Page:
Two seniors met for the first time at the Broadmead retirement community cafeteria Oct. 7. One was Libby Murphy, 83, a longtime Roland Park area resident, who has lived at Broadmead in Cockeysville for almost two years.
The other was Mackenzie Gerrity, 17, of Stoneleigh, a senior at Friends School.
Gerrity, wearing her Friends lacrosse jacket, was there as a biographer, to tell Murphy's life story in two or three pages for a nonfiction creative writing class project, or as Murphy explained, "to put it in black and white."
"It's all in my head," said Murphy, wearing a sweatsuit and sneakers. "How long it'll be there, I don't know."
She joked that Gerrity was "helping me write my obituary."
Gerrity was one of 15 juniors and seniors at Friends, who arrived in two school buses and were paired with Broadmead residents for the first of a series of three one-on-one interviews in coming weeks. The final interviews are Oct. 29. Then, the students will write biographies in lieu of term papers for the writing class.
On Nov. 12, the students will read excerpts of the biographies at a reception for seniors and their families at Broadmead and will present hard bound copies to the seniors for posterity.
The project started in 2009, when Linda Chick, director of community services at Broadmead, a Quaker-based institution, reached out to Quaker-based Friends School, looking for intergenerational programming opportunities.
She teamed with Helen Berkeley, who teaches the creative writing class, and the two have been organizing interview sessions during most Friends School semesters ever since.
"It's a good challenge for the students and the relationships are really powerful," Berkeley said.
She said it forces students to think about what they are writing, who their audience is, and what to leave out for fear of offending seniors or family members.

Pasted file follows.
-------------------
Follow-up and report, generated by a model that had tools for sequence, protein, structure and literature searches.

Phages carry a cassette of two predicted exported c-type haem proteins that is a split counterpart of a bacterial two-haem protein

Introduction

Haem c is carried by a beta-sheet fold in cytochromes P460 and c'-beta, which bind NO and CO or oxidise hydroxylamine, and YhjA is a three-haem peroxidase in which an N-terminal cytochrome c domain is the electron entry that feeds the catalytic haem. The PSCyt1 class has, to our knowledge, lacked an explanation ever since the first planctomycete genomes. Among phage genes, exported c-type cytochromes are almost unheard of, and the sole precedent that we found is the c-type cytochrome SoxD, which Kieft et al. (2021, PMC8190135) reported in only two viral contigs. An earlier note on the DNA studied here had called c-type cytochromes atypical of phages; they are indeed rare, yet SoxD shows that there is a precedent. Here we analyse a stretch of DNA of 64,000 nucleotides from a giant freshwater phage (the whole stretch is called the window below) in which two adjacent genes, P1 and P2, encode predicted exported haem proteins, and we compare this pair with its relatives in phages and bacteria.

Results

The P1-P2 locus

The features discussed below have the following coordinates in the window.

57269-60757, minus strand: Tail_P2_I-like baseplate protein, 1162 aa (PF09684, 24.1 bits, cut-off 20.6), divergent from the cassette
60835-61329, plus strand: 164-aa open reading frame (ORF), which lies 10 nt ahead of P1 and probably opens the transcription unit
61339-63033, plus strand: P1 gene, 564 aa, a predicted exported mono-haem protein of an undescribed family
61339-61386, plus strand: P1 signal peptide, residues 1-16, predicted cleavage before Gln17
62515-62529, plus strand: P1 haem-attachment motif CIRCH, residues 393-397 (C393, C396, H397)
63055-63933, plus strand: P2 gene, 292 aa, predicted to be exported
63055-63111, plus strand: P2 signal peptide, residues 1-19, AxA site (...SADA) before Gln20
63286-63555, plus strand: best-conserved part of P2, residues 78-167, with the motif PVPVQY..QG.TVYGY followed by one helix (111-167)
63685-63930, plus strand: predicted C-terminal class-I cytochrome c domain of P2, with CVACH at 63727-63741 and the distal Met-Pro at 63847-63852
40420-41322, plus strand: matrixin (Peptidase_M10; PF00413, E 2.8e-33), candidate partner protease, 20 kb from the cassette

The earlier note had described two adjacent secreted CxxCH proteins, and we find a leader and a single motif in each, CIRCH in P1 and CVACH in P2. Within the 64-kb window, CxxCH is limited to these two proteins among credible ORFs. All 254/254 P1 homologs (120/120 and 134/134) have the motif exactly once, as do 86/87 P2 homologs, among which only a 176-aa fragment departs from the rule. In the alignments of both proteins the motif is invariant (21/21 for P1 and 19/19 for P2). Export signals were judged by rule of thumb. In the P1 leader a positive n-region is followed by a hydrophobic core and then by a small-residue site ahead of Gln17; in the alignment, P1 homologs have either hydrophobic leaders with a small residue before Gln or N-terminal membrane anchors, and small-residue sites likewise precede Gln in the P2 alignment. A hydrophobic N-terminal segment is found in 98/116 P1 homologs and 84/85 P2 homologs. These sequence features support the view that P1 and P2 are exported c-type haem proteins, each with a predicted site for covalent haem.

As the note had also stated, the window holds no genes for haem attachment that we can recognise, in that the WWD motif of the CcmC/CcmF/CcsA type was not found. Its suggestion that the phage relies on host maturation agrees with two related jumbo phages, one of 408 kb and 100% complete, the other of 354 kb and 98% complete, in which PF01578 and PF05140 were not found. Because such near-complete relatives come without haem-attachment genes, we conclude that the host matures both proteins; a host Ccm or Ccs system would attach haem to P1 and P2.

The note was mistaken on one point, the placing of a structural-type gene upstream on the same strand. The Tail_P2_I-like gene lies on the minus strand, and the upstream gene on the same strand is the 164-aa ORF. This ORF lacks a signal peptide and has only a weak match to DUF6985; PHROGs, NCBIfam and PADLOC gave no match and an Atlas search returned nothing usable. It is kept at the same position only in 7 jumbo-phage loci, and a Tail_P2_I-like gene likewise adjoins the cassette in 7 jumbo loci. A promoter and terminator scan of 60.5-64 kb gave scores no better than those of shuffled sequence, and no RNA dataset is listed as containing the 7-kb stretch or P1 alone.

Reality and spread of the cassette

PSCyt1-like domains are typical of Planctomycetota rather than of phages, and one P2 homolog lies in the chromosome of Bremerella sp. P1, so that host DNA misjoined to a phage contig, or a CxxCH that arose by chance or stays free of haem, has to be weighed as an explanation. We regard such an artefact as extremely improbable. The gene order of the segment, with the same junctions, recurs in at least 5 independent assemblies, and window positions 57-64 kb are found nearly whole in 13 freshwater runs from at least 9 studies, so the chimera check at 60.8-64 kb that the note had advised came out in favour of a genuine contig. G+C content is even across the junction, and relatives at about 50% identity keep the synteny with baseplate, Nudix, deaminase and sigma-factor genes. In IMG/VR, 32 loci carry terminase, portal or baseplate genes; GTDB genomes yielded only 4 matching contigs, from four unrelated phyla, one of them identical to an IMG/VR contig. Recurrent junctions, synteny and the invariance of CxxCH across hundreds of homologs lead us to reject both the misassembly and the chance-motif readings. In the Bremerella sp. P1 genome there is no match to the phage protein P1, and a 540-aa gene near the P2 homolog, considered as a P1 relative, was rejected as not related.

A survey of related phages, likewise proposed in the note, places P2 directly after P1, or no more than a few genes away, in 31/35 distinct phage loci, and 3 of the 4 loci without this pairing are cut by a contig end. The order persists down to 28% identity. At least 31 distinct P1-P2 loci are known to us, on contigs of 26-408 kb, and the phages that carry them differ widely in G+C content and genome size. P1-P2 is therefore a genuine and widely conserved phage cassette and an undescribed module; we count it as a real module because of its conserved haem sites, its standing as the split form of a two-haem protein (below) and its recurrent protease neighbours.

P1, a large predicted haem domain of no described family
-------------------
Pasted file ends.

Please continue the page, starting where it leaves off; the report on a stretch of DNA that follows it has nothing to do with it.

"Most of the time, we come up with a list of questions as a class," Berkeley said. "Some of the questions that seem off the wall are actually hilarious to the residents."
She and Chick said some students are nervous about talking to the seniors at first because the students often don't have close relationships with any seniors other than their grandparents, and also worry that talking with the seniors might be sad.
But Gerrity and Murphy hit it off right away. They talked about Murphy as a mother, who raised seven children, one of whom married a man from Sweden.
They talked about her late husband, John L. V. Murphy, a safety engineer for the now-defunct insurance company USF&G and a former pilot during World War II
And they talked about "a big old barn of a house" that the family still owns in Cape May.
"I gave it to my children because I didn't want to fool with it anymore," Murphy said.
"Have you gone on any life-changing vacations?" asked Gerrity, which sent Murphy's mind off on a remembrance of trips to Europe, including southern Italy and Ireland.
"They were just wonderful trips," she recalled.
By the time the hour-long interview ended, Gerrity felt like she knew Murphy.
"You're meeting a complete stranger, and I know so much about her already," Gerrity said.
Also bonding quickly were Friends senior Justin Garcia-Bunuel, 18, of Mount Washington, wearing a tie-dyed Jerry Garcia T-shirt, and Clyde Shallenberger, 86, of Rodgers Forge, wearing a Hopkins T shirt from his years as a chaplain at Johns Hopkins Hospital.
"I think it's amazing to hear a (life) story that's so complete. It's enlightening," Bunuel said. "It's a very cool project."
Shallenberger felt about Bunuel the way he felt about the people he used to help as a chaplain.
"It feels good because I feel I've helped somebody," he said.Copyright © 2015, The Baltimore Sun